“You’re a kite dancing in a hurricane, Mr. Bond.”


The latest bond outing, Spectre (2015) opens with one of the most intense opening shots in bond film history. You see the masked bond swaying the streets of Mexico city with a beautiful tracking shot that takes him places. Hovering down from a helicopter over the carnival of the dead, you follow Mr. Bond’s glimmering smile as we cut to the writings on the wall. Daniel Craig’s Bond has been one of the most ambitious James Bond ever. He has been grabbed by the balls and has been lectured by psychotic, animistic, toothless baddies obsessed with rats. But his latest outing that supposedly aims at putting a nice little bow to the quadrilogy, falls short on almost all grounds. Moreover, Spectre is far too long and way too timid in its attempt to show shadowy people doing shadowy things.

Quoting one of the character from Spectre, the film is like a kite dancing in a hurricane – torn and struggling to find a way out. M (Ralph Fiennes) is not happy with Bond’s uncharted and unauthorized recent actions. To make things worse, C (played by BBC Sherlock’s Moriarty, Andrew Scott) is at the doors trying to bring the double-0 programme to the ground. As the say, you may be done with the past but the past is not done with you. Subsequently, Bond receives a message from the late M (Judi Dench) which has credited him to take actions without the prior authority of the MI6.

The reminisces from Skyfall, Casino Royale & Quantum Of Solace are around the corner, where liars & killers have affected people who don’t want to be involved. What follows is a Mickey Mouse trying to locate the shadowy head of the secrete organization Spectre, played by Christoph Waltz as we maneuver through scenic locals captured beautifully by Hoyte van Hoytema (known for Interstellar & Her).

Monica Bellucci and Daniel Craig in Metro-Goldwyn-Mayer Pictures/Columbia Pictures/EON Productions’ action adventure SPECTRE.

Sam Mendes’s Skyfall was one of my favorite films of 2012. While most of the prior films flirt with the fact that Bond can be a dark & realistic guy too, Skyfall gave an emotionally powerful character arc to the age-old hero known for his wit and style. With Spectre, Mendes goes backwards, which is fine with me. Everyone wants to see the fun & action going down. But in the process of giving us an old-school bond film, Mendes forgoes his own grounds. In fact, he never emerges out of the darkness the narrative devolves to after the terrific opening act. There are explosions and expositions and there are downfalls to everything. Nevertheless, most of it feels like a guest overstaying one’s welcome.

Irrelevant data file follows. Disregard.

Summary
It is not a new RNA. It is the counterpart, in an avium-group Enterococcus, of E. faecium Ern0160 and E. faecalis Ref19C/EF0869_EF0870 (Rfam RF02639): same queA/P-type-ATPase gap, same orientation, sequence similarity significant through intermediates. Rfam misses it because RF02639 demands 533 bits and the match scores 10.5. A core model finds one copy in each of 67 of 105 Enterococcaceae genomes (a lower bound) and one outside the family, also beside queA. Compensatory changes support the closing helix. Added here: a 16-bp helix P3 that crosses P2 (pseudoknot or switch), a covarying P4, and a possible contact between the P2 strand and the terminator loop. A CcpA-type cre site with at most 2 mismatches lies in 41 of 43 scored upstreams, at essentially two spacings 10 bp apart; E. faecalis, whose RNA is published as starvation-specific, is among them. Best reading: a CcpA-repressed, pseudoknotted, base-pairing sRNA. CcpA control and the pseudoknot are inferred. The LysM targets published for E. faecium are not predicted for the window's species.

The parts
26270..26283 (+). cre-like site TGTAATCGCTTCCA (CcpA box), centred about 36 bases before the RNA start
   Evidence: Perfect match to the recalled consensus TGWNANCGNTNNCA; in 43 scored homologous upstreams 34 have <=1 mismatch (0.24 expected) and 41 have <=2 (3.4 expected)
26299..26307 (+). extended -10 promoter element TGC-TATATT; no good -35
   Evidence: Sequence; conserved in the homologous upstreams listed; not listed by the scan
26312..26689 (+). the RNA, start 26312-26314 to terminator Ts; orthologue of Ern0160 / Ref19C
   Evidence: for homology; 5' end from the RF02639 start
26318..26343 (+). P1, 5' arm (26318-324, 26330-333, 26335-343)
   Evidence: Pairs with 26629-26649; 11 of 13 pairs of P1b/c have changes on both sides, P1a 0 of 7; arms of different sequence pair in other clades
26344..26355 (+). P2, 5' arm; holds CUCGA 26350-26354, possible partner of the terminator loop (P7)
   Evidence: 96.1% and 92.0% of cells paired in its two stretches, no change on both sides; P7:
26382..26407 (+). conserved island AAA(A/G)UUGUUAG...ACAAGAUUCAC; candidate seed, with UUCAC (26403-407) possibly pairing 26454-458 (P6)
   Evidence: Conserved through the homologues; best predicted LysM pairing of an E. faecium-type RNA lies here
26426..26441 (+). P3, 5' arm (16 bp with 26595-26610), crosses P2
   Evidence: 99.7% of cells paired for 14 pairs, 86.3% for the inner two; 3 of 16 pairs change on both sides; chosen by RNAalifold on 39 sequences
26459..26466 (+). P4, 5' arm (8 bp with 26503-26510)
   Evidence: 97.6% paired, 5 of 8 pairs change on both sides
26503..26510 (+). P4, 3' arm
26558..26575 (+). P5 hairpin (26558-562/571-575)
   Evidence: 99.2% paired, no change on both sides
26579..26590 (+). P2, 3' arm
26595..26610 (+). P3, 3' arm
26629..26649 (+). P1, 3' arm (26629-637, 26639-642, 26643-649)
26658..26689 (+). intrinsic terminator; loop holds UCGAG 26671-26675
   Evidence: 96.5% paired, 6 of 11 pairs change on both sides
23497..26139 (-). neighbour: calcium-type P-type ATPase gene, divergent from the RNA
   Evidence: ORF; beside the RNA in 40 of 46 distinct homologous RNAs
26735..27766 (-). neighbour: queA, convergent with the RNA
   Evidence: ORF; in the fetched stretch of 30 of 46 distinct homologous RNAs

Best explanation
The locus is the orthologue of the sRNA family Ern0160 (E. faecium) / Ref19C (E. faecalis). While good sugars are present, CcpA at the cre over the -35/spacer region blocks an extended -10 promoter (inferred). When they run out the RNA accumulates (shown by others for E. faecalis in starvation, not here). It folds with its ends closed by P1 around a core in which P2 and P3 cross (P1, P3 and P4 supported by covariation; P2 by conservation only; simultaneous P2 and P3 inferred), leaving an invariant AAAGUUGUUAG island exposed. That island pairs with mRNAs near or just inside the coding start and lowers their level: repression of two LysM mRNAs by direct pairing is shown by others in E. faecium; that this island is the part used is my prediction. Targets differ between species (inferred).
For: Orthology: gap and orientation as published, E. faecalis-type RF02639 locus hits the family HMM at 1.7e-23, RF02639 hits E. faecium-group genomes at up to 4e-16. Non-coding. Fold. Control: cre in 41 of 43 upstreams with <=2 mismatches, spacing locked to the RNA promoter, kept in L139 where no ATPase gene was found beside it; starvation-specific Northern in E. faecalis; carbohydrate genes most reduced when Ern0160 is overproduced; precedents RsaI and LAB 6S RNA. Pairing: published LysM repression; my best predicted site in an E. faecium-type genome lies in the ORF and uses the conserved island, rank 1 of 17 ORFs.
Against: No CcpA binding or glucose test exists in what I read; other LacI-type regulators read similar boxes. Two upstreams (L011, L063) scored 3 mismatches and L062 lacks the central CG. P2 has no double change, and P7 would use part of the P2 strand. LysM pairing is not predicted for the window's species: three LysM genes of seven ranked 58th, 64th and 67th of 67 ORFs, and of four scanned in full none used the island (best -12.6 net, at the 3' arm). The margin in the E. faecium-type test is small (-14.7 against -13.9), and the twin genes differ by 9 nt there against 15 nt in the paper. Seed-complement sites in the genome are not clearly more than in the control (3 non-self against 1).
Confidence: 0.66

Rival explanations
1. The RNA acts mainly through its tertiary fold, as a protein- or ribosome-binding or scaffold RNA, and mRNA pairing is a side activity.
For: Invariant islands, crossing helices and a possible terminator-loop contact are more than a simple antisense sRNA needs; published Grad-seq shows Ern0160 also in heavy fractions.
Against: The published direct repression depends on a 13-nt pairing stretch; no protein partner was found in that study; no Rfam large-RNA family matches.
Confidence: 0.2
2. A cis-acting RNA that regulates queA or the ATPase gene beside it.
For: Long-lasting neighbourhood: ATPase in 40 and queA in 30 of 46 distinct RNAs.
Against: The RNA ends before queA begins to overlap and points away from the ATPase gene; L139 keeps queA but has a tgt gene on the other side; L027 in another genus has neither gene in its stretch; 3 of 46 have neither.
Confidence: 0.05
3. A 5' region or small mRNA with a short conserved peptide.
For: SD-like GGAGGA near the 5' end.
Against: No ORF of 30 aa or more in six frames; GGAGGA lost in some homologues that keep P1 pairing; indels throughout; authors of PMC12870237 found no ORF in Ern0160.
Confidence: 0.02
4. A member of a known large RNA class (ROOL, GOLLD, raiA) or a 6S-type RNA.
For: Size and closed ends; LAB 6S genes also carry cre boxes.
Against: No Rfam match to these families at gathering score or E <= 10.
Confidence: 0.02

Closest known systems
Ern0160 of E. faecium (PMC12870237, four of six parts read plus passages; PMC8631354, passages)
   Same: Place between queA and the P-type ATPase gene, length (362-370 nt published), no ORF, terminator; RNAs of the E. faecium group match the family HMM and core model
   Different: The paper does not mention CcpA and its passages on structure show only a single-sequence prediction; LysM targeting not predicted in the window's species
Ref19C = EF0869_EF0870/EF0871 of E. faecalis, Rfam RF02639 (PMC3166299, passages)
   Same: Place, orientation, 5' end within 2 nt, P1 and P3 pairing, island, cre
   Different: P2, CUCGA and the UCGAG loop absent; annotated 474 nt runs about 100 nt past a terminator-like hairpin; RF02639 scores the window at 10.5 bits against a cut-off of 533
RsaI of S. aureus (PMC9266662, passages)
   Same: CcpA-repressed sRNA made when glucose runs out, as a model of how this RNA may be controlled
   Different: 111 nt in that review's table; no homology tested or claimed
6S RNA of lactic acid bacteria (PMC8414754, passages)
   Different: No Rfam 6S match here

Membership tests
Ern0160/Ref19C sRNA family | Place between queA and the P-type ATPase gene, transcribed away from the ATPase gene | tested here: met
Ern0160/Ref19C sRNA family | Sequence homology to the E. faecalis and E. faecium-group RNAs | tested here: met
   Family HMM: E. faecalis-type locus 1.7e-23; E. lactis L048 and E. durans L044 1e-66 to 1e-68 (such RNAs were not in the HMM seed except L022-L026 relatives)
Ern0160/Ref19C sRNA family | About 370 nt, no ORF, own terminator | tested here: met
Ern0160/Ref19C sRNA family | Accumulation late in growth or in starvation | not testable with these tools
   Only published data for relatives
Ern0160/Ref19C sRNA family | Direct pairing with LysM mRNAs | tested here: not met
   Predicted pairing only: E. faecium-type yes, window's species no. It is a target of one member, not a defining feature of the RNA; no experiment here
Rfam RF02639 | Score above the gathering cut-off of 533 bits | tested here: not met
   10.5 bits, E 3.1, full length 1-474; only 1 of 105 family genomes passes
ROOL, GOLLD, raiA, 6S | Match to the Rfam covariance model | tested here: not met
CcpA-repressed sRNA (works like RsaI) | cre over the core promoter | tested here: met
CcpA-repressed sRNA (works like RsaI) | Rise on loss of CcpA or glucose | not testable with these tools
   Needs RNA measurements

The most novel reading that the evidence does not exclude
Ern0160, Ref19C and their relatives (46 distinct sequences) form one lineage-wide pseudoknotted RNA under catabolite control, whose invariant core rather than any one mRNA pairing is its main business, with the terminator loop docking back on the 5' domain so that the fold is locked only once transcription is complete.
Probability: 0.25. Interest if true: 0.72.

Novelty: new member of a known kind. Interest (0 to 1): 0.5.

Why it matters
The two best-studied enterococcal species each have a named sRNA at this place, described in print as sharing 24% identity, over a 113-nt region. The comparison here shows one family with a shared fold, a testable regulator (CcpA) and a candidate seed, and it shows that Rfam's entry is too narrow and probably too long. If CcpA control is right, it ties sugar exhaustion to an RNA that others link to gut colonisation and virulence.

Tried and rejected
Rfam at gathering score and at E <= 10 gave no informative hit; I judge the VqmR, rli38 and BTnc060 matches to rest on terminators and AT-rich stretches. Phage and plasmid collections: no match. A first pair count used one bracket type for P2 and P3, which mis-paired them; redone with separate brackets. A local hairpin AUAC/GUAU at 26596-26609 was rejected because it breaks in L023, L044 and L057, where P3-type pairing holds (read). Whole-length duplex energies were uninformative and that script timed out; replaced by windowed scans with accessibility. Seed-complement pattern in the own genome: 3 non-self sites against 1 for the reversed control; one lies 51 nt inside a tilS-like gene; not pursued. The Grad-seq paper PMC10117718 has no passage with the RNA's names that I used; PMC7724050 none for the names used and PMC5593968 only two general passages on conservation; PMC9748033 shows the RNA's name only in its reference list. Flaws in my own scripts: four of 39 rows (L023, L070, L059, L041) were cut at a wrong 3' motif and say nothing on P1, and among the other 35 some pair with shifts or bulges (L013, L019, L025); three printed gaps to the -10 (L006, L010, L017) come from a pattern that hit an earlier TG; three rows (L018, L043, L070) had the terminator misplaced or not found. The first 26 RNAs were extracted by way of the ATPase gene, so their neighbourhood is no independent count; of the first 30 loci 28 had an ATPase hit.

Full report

Like shifting gears on a race car, Spectre goes back and forth. Naturally, there are some terrific old-school action sequences but they are never a highlight. The biggest disappointment is Christoph Waltz’s bad guy persona. Clocking at 148 minutes, the longest Bond film till date, Waltz shows up for 20 odd minutes, gives a stupid monologue on Meteors (referencing Javier Bardem’s brilliant monologue in Skyfall). Furthermore, the terrific actor plays with sharp & stupid-looking hospital gadgets piercing bond while he insults him face up.

There is more screen time for Dave Bautista who plays the cliched ‘Big guy’ in spy movies. As one could expect, he shows up every place Bond could think of. Monica Belluci in a very brief screen time manages to bring the oomph needed in a bond girl/woman. Léa Seydoux playing Dr Swann is wasted. She looks stunning, but her character is more confused than Bond himself.  After watching her kicking ass in Yorgos Lanthimos’s The Lobster earlier this year, watching her sitting there and repeating “I hate guns”  broke my heart into pieces.  The only person who doesn’t seem like sleepwalking is Ben Whishaw playing Q. His brief encounters with Mr. Bond are probably the most authentic scenes in Spectre.


Despite being credited to seven screenwriters, there is no depth in the script. Surprisingly, the plot is exactly the same as Mission Impossible: Rogue Nation. Daniel Craig doesn’t seem to enjoy himself either. In an interesting scene, we see him ordering his traditional vodka martini. Only to be handed a medicinal shake in return. He asks the handler to throw it in the garbage. That’s exactly what I feel about the film. Spectre is not something I ordered for and even though it might be healthy for the nostalgic old-school Bond fans, I feel cheated. Two thumbs down. 


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Spectre (2015) Links: IMDb, Rotten Tomatoes, Letterboxd

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